Friday, November 30, 2018

Review: Picture Us in the Light by Kelly Loy Gilbert

Title: Picture Us in the Light
Author: Kelly Loy Gilbert
Year Published: 2018


Genre: YA fiction
Pages: 356
Rating: 4 out of 5

Location (my 2018 Google Reading map)USA (CA)

FTC Disclosure: I bought this with my own money

Summary (from the inside flap of the book): Danny Cheng has always known his parents have secrets. But when he discovers a taped-up box in his father's closet filled with old letters and a file on a powerful Bay Area family, he realizes there's much more to his family's past than he ever imagined.

Danny has been an artist for as long as he can remember, and it seems his future is set, with a scholarship to RISD and his family's blessing to pursue the career he's always dreams of. Still, contemplating a future without his best, friend Harry Wong, by his side makes Danny feel a panic he can barely put into words. Harry's and Danny's lives are deeply intertwined, and as they approach the one-year anniversary of a tragedy that shook their friend group to its core, Danny can't stop asking himself if Harry is truly in love with his girlfriend, Regina Chan.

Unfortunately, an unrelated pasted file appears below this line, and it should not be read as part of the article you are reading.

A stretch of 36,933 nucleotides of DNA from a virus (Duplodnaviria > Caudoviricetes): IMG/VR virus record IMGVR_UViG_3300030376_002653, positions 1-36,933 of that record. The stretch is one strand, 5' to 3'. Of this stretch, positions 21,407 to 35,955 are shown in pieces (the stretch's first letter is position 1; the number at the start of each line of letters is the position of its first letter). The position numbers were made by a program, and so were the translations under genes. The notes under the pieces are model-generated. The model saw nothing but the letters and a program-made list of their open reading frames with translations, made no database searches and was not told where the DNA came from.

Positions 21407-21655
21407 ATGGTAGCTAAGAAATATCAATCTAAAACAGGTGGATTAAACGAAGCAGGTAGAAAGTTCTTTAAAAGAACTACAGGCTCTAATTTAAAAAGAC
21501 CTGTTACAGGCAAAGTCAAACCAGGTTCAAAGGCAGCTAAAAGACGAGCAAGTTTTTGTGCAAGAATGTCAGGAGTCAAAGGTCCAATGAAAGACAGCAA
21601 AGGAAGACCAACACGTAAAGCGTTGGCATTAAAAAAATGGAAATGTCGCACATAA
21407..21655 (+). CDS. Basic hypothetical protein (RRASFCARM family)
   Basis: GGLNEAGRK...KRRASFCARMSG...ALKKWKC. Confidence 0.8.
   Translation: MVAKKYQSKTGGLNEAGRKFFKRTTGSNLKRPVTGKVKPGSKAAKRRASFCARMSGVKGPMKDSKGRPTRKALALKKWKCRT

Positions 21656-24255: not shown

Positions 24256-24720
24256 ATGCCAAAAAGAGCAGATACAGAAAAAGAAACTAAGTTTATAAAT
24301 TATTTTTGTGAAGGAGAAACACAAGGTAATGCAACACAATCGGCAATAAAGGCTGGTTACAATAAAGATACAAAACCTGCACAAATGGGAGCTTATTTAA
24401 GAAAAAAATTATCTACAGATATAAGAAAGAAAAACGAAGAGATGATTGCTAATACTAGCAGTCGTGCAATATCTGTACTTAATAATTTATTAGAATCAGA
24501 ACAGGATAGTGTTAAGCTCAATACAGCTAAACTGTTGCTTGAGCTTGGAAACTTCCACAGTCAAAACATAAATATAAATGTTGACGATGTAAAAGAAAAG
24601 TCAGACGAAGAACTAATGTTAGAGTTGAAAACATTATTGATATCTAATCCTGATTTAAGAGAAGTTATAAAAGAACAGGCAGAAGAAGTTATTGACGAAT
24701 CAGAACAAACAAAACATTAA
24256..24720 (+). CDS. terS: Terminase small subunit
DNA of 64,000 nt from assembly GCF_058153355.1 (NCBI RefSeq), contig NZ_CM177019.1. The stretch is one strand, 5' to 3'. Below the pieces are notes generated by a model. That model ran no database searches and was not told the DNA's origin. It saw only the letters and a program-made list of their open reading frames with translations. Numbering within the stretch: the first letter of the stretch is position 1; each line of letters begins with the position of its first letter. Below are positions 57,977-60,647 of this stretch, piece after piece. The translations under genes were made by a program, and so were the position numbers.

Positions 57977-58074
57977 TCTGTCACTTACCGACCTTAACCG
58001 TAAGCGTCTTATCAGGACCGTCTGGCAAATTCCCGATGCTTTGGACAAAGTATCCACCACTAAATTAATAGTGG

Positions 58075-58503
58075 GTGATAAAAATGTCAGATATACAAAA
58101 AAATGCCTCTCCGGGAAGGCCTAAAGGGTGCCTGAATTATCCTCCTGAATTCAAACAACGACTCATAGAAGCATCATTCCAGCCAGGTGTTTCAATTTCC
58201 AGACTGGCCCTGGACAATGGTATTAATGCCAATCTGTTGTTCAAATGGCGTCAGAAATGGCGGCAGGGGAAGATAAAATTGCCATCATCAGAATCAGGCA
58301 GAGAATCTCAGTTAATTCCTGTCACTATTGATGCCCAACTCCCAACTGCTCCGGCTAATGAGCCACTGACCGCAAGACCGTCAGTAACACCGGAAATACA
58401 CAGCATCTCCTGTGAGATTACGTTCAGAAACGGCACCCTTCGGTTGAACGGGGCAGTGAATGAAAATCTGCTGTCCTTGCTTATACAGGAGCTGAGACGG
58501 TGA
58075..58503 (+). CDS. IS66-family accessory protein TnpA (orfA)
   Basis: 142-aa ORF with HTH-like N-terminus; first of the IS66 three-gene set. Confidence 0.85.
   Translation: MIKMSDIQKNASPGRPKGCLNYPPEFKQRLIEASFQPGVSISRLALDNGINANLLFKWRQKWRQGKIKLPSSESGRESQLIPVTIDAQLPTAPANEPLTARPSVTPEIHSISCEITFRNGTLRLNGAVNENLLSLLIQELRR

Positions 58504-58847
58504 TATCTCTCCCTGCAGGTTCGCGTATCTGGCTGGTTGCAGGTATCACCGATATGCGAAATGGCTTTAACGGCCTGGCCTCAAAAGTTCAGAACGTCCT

When Danny digs deeper into his parent's past, he uncovers a secret that disturbs the foundations of his family history, and the carefully constructed façade his parents have maintained begins to crumble. With everything Danny cares about in danger of being stripped away, he must face the ghosts of the past in order to build a future that belongs to him.

Review: I heard that this novel had a number of starred reviews so I eagerly picked it up, but was disappointed at first. It didn't grab me the way I expected and not much really happens in the story until well into the second half of the book when the family secrets are s l o w l y revealed.

I'd give the first half of the book, the establishing of the main character, his parents, his dreams, his friends a 3.5 or 4. Probably closer to a 4. I like the main character and I could definitely empathize with him. He is conflicted about who he is, what people expect of him, and what he is supposed to do with himself. His art is his everything and it defines him, yet there is so much more going on.

I'd give the second half of the book al 4.5 as all the moving parts come together and I felt like I finally understood his parents and the events in Danny's life. There is a lot going on in this family and story; we learn that everyone has multiple facets and issues that make up who they are and why they behave the way they do. Friendship and family are paramount for the characters, each of them sacrificing for the good of others.

All in all I do see why this got starred reviews: the relationships are well done and the tension is all important, I just wish it had a quicker start.

Challenges for which this counts:  none

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